Two years ago they had moved to North Carolina and I haven’t seen her since. Her two young boys have grown and they all looked terrific. Nikos loves her husband Craig and they immediately took up a conversation. As the museum closed we shuffled out on the lawn-the White House lawn. It actually needed some mowing in my opinion. It made Nikos feel better. Nikolas climbed tree after tree and Elizabeth tried to stand and talk with the grown-up girls until she grew bored. Twelve is a tough age, with her little arms folded and I well remember that self-consciousnesses. Shelly and I talked as if we ran into each other at the mall. Katerina and Shelly’s son played in the dirt, and even an asian tourist snapped some pictures of them. We took our own handful of pictures and we parted with lots of hugs.
It took some time to depart from D.C. yet I claim to be the queen of navigation, even though we had to make four illegal u-turns before we left the area.
Macaroni Grill is one of my favorite restaurants and therefore I chose to stay at the Hampton Inn and Suites in Frederick since both were in that town. There was a forty-five minute wait for Macaroni Grill, it was nearing 7:30 already and Katerina had skipped her afternoon nap. Instead, we chose Panda Express and ate a mediocre meal, although we did save roughly $40 as a result.
The hotel didn’t even offer free cookies like most Hampton hotels do. Elizabeth grew mouthy as she has a tendency to do when she’s exhausted. We were all arguing and I don’t want to imagine what the adjacent rooms think about us. It ended up being a lousy evening for all of us and the guilt brimmed over now that the little angels were slumbering, that I will never be Caroline Ingalls or Olivia Walton. I suppose I’ll always be searching for patience among the long-needed list of virtues. At least I ended the evening on a sweet note-I indulged in the raspberry filled white cake I’d brought from home (Kroger special).
The following morning Katerina found her swimsuit and put it on over her pajamas. I took the giggling kids swimming and Nikos sat in the pool chair watching us. I learned long ago that it doesn’t matter what fabulous destination we have in mind, the kids are delighted if there is a pool. We could very well travel ten miles from our house and the kids would be thrilled as long as they could swim in the pool.
We quickly packed up and I felt proud that we hadn’t trashed the room too much. Normally, the kids accidentally step on coffee creamers or there are crumbs and something is always spilled. We took our complimentary breakfast to go.
We were off to the tournament in Silver Springs, MD. We wanted to arrive in plenty of time to allow room for getting lost. Nikolas was very excited in his kick-back character sort of way. We found the lovely park and I was pleased that a playground was right beside the shelter. We arrived nearly two hours early. There were some boys with a Bey stadium already at the shelter, and Nikolas shuffled up to them carrying his little case. Nikolas seems to be at the epitome of boyhood at this moment in time. He is still small, even though he grows about an inch per month, wearing his mismatched outfit of blue shorts and an orange/gray striped shirt. He wore two long sleeved shirts to fight off the autumn morning chill. I wanted to hold on to this image of him as I silently watched him walking up to the shelter, capturing his sweetness and earnest interest of so many things.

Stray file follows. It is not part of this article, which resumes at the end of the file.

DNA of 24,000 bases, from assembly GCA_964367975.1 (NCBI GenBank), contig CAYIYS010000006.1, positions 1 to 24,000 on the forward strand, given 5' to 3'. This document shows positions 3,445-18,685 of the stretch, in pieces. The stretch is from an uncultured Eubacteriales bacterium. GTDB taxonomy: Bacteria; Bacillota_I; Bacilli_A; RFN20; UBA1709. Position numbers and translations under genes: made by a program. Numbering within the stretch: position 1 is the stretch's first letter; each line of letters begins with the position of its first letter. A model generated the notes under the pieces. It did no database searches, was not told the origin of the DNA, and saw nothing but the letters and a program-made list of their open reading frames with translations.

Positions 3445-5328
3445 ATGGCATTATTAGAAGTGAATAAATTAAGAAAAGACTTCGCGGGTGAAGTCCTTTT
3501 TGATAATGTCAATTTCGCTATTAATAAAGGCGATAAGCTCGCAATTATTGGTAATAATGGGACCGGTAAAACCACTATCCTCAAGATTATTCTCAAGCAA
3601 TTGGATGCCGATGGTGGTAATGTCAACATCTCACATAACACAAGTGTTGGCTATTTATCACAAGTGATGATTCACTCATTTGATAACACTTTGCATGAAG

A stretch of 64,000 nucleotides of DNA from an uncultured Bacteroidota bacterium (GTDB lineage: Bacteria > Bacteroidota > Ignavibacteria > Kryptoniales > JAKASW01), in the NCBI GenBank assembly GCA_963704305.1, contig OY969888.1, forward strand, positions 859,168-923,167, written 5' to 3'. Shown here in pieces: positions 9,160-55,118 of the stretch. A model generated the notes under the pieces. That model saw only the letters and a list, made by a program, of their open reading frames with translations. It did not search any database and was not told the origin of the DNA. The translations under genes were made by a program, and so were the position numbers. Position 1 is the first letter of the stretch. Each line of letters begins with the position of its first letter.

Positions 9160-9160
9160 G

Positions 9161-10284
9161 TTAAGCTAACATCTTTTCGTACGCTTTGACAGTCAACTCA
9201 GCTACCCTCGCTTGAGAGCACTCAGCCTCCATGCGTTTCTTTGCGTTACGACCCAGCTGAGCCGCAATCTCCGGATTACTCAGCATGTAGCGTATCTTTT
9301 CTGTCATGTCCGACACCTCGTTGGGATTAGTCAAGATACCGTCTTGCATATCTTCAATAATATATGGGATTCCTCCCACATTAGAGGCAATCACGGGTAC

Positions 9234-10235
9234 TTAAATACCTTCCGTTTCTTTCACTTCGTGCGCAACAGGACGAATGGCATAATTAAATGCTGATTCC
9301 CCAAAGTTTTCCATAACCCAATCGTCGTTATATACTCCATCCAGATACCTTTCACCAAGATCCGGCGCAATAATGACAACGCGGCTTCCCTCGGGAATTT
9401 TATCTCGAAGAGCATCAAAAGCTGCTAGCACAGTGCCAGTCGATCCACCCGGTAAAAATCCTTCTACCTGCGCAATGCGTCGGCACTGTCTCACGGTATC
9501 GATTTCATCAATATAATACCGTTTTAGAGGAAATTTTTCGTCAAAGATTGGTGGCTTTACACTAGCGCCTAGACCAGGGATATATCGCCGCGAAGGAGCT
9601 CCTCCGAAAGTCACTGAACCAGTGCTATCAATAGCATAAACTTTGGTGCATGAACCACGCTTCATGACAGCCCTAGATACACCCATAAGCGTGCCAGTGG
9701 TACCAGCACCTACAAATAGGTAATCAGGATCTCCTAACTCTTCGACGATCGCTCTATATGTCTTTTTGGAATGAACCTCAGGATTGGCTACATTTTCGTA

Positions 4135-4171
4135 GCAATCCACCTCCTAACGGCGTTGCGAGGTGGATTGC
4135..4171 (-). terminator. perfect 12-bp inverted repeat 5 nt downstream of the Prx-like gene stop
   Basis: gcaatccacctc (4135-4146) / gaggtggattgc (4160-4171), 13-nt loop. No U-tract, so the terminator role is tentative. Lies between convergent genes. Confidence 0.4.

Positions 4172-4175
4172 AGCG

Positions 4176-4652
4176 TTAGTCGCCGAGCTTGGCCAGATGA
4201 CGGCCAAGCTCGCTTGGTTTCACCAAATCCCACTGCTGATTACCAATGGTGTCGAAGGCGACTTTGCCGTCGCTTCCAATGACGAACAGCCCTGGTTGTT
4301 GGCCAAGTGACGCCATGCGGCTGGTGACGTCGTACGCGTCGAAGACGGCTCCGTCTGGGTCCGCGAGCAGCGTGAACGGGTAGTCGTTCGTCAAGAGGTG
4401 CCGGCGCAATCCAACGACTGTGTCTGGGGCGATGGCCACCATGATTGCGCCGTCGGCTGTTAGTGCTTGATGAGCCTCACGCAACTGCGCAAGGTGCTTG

It just so happened that those boys in the picnic shelter hadn’t heard of the tournament and simply had gone to the park to play with their Beyblades. I imagined there would be a handful of kids, and told Elizabeth it would be like a birthday party. I quickly realized I had made an incorrect assumption. Teenage boys arrived, the main guy came with his computer and box of $60 items for sale, and family after family arrived. Most of the boys were asian, then east-indian and some african/american. There were around forty or fifty kids entering the tournament. All I wanted was for Nikolas to win at least a round so he’d feel like he’d accomplished something by travelling all of this way. Then again, perhaps it was my own sentiment and need of justification.
Elizabeth was feigning torture by all of it. Katerina played for hours contentedly at the playground, and often Elizabeth would assist her. I found a take-out hibachi restaurant for lunch. I had two different mothers ask me where the restaurant was. Most of the parents were nice and I felt like it was any other Saturday at the soccer game. Parents are parents anywhere. We all wanted our kids to win.
The kids were a fine group overall, displaying fine sportsmanship by shaking hands after each round. I didn’t hear any foul language and the kids were friendly. After talking to several of the parents, I realized that many of the boys shared similar characteristics, such as being interested in math and science. Beyblades does require unmeasured physics and personalized customization. Nikolas even made some nice friends who rooted him on as he won round after round. Yes, believe it or not, Nikolas made it to the semi-finals. Some of these kids held world rankings. Even though Elizabeth likes to talk smack to Nikolas and of course she was excruciatingly bored after five hours at this peaceful turned blasted park, she was right there hoping more than anyone else that her little brother would win.
The last round, the tournament director told his nephew which tips he should use on his Bey after looking at what Nikolas would be using. The round was suspended while the boy customized his Bey. Another mother and I were silently shocked. I felt it was downright cheating, but I refused to bicker like I’d seen some other mothers doing an hour before. Parents can grow frighteningly ugly when it comes to their children.
Nikolas lost the round and I thought I saw tears in his eyes, but he later denied them. He lost again and he was out of the tournament. Personally, I was relieved, ready to leave hours ago. Additionally, it was a six hour ride home. Once we were in the car, we talked Beyblades and filled Nikolas with compliments for a good bit of our drive.
I made Nikos stop at a rest area in MD, even though the sun was beginning to set. There is a walkway that crosses the interstate and a climb to look at the stratified rock layers of sandstone and clay where the road cut through the hill. We began waving at the cars as we stood directly on top of the interstate while cars honked and hands waved back at us. This delighted the kids and Nikos remarked that I will always be a kid myself.
We didn’t arrive home until 10:30, and it was a school night. I knew Katerina would sleep easily, and slowly Nikolas knocked off and finally Elizabeth. The peace and feeling of triumph is profound at the sight of my cherished children, snugly asleep in the backseat of the car. In conclusion, it was a fine weekend trip.